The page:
How to manage and secure the Active Directory service account

How to manage and secure the Active Directory service account

In a typical Active Directory environment there are many different types of accounts. These include a user account, a computer account, and a specific type of account called a service account.

Service account is a special type of account serving a specific purpose, serving services and applications in the environment. Service accounts are also targeted by hackers in cyber security attacks.

So what is a service account? What privileges does it have on a local system? What network security risks are associated with service accounts? How can the IT administrator find out weak passwords that cannot be expired in Active Directory for service accounts?

In this article, we will work with you to answer the above questions.

What is Windows service?

As mentioned above, specific Active Directory accounts serve different purposes in Active Directory Domain Services (ADDS). You can assign an Active Directory account as a service account, a special-purpose account that most organizations create and use to run Windows services on Windows Servers in their environment.

To understand the role of a service account we need to know what Windows services are. Windows Services is a component of the Microsoft Windows operating system, both client and server, allowing long-running operations to execute and run for as long as the server is running.

Unlike applications executed by end users, Windows services are not executed by the end user who is logged on to the system. Services run in the background and are started when Windows starts, depending on the service’s configured behavior.

What is a Windows service account?

Although not run interactively by the end user, Windows services still need an account to allow the service to run in the user’s specific context with special permissions.

Like any other process, a Windows service has a security identifier. This identifier identifies the rights and privileges that it is inherited on the local server and across the network.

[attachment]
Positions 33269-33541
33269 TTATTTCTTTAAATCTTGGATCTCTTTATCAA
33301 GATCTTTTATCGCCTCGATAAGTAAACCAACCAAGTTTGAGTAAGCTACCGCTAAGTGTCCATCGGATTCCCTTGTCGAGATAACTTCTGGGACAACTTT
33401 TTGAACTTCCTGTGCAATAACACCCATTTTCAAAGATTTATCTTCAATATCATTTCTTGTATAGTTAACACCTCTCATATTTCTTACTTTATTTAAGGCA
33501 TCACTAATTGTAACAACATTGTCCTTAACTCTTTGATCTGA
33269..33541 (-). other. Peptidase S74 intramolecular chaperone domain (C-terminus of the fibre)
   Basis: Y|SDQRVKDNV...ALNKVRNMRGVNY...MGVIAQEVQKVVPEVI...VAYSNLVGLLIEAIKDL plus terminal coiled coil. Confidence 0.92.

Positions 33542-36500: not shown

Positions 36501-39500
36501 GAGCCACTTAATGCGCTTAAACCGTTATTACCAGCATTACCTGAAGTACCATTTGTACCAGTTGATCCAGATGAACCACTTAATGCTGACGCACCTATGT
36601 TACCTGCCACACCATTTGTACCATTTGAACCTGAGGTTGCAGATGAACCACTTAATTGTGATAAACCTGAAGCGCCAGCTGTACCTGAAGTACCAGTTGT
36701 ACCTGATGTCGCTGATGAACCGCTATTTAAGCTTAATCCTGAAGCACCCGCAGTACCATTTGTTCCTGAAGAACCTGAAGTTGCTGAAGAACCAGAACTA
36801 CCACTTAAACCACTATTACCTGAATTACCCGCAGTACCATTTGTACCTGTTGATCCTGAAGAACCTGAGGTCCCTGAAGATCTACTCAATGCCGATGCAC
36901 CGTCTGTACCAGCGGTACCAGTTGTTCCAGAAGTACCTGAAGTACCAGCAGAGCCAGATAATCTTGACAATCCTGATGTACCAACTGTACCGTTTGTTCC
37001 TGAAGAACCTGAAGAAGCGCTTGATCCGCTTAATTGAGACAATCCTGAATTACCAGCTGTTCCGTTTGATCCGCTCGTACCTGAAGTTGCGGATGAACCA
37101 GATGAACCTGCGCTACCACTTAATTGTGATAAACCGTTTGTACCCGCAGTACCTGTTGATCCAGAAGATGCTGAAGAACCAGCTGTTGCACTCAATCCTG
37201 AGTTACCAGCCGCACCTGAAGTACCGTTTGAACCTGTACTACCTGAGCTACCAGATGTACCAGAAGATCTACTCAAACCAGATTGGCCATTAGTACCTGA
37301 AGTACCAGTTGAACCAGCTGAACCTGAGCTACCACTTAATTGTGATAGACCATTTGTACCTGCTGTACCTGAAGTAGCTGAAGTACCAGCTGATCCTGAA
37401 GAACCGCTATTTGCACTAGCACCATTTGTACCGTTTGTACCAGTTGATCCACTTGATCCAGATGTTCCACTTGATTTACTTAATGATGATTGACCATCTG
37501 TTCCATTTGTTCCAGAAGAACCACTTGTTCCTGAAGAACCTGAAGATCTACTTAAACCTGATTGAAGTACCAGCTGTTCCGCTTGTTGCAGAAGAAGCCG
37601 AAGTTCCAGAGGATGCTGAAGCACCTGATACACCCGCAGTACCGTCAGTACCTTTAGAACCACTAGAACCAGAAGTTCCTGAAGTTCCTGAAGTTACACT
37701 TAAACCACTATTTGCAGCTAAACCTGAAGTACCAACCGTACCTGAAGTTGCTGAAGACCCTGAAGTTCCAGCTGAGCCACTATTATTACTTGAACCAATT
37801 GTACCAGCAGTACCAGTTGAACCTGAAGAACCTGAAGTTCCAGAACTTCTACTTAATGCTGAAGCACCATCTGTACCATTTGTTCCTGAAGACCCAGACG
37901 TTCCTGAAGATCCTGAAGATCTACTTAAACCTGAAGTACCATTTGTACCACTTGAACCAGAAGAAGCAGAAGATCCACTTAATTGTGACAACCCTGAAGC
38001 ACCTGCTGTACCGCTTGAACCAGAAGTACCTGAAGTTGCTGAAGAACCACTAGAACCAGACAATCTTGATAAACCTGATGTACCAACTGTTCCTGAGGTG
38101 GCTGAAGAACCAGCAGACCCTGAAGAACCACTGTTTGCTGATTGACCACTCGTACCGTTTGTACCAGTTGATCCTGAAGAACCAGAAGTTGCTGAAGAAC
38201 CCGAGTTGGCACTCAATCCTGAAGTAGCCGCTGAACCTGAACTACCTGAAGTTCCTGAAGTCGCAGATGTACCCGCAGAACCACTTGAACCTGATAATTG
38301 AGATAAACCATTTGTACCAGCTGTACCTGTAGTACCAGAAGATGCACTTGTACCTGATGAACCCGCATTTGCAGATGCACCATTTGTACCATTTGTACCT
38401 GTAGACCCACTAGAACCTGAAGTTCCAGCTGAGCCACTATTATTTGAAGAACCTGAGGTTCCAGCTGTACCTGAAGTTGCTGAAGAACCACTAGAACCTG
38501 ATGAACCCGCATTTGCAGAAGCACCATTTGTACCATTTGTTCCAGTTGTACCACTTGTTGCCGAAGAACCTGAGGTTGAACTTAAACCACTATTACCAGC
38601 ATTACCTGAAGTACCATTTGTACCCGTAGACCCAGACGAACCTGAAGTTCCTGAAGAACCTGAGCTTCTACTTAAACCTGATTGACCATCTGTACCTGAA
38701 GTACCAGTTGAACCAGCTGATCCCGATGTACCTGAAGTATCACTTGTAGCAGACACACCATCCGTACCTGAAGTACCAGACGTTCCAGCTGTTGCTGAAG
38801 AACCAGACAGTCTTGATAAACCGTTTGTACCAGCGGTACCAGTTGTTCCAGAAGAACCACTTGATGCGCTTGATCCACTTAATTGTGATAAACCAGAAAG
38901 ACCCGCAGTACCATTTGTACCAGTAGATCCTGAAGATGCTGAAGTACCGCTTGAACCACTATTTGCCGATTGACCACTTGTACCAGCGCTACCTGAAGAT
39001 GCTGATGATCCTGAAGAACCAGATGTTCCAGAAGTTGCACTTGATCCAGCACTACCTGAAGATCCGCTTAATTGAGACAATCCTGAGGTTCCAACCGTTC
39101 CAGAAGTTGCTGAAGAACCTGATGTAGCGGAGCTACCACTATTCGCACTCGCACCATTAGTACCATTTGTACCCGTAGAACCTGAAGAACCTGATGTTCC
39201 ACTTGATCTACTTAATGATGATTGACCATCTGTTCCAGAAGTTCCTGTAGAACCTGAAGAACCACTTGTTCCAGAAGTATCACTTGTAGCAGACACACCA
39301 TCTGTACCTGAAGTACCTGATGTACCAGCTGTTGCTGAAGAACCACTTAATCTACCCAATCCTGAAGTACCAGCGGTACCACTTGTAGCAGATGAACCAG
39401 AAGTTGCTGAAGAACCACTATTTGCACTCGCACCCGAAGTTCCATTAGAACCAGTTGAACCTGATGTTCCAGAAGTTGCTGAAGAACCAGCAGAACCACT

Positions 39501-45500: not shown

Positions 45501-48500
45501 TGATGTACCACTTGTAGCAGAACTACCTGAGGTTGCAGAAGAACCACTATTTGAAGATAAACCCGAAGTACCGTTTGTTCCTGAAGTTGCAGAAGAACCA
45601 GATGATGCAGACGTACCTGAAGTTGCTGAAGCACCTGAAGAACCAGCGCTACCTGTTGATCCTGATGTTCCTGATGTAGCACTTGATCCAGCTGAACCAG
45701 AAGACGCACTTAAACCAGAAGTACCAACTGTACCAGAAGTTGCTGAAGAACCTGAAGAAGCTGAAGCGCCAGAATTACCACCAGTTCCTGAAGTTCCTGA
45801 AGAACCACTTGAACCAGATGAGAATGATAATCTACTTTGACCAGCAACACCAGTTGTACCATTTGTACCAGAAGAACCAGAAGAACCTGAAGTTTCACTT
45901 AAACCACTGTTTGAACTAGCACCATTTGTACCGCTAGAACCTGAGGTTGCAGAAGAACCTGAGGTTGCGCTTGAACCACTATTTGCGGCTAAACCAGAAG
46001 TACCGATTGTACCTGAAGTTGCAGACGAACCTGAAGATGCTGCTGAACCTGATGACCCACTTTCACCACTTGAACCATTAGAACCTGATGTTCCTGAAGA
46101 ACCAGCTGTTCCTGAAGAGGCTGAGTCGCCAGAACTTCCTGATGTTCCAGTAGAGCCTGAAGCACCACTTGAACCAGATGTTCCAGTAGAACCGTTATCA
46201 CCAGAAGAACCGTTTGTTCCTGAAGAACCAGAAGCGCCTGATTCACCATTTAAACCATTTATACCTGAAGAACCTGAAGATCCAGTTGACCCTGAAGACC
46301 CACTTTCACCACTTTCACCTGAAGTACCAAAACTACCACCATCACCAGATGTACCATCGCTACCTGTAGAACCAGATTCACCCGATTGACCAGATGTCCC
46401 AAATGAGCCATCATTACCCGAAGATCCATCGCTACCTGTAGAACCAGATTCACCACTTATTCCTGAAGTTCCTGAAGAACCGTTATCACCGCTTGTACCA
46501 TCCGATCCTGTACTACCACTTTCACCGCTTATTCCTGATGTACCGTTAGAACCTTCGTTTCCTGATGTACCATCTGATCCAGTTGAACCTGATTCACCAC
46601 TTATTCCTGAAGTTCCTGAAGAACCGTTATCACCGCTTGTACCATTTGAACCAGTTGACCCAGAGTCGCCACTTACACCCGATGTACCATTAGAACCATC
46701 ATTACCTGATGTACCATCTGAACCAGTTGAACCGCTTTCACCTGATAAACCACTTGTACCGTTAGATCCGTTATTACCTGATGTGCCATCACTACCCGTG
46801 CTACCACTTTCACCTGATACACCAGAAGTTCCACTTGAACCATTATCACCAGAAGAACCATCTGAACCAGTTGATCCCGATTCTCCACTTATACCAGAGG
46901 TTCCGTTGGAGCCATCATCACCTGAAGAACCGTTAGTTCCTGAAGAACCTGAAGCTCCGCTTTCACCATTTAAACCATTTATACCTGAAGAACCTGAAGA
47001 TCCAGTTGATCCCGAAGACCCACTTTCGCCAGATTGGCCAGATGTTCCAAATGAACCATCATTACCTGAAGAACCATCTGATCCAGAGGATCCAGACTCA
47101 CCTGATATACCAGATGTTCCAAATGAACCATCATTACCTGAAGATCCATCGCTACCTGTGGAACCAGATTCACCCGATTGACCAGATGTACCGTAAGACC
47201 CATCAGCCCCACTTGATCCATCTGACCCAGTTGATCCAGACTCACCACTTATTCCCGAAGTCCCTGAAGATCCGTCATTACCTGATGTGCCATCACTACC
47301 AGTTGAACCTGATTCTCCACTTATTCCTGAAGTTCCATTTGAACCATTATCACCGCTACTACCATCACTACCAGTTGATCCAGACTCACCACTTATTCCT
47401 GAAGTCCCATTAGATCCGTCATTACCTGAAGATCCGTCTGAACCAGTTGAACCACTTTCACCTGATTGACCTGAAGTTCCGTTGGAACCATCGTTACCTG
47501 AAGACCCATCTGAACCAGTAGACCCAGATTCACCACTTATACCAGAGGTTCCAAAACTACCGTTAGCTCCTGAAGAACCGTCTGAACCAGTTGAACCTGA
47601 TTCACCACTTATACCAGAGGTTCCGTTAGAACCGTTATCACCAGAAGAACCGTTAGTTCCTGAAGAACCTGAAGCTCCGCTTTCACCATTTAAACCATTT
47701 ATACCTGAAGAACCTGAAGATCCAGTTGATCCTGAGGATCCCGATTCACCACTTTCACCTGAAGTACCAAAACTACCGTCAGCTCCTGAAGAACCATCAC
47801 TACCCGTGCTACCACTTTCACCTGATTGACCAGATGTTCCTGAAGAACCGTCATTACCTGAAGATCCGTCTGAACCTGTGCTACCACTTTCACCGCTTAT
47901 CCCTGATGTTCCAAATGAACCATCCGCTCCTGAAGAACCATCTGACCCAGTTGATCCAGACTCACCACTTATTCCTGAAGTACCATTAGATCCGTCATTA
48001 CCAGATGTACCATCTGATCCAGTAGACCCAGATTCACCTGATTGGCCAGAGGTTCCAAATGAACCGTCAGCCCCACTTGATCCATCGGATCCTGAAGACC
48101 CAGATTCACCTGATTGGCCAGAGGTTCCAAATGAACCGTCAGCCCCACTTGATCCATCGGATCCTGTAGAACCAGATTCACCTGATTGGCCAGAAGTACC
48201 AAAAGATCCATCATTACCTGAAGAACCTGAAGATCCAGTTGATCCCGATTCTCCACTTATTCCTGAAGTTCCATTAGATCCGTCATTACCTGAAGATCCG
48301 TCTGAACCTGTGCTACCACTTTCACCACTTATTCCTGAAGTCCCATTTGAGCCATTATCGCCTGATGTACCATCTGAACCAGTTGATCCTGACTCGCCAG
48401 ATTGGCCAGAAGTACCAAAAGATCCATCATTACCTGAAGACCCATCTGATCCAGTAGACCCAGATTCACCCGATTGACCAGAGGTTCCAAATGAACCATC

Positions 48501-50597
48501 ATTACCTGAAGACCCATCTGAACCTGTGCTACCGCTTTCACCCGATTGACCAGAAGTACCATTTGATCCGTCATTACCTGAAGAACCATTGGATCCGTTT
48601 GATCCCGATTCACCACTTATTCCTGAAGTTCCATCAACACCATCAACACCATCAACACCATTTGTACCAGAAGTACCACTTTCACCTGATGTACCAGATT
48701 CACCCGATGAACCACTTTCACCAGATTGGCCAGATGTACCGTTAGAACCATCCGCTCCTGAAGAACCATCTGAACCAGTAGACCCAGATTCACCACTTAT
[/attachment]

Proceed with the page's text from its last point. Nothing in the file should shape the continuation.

Keep in mind that with this security identifier a service account can damage the local system where it is running and across the network. When following a best practice model with few privileges associated with the service, the account ensures that the service account is not granted undue permissions on both local servers and the entire network.

Windows Services can run under a local Windows user account, Active Directory domain user account, or a special LocalSystem account. So what are the three types of accounts that are different from each other?

  • Local Windows user account : A local Windows user is a user that exists only on the local Windows Server or client operating system’s SAM local database. This account is meant only locally and has nothing to do with Active Directory in any way. When using a local Windows account for a service there will be some limitations. These include the inability to support mutual authentication in Kerberos and the challenges of directory-enabled services. However, the local Windows Service account cannot damage the local Windows system. Local Windows users are limited to being used for a service account.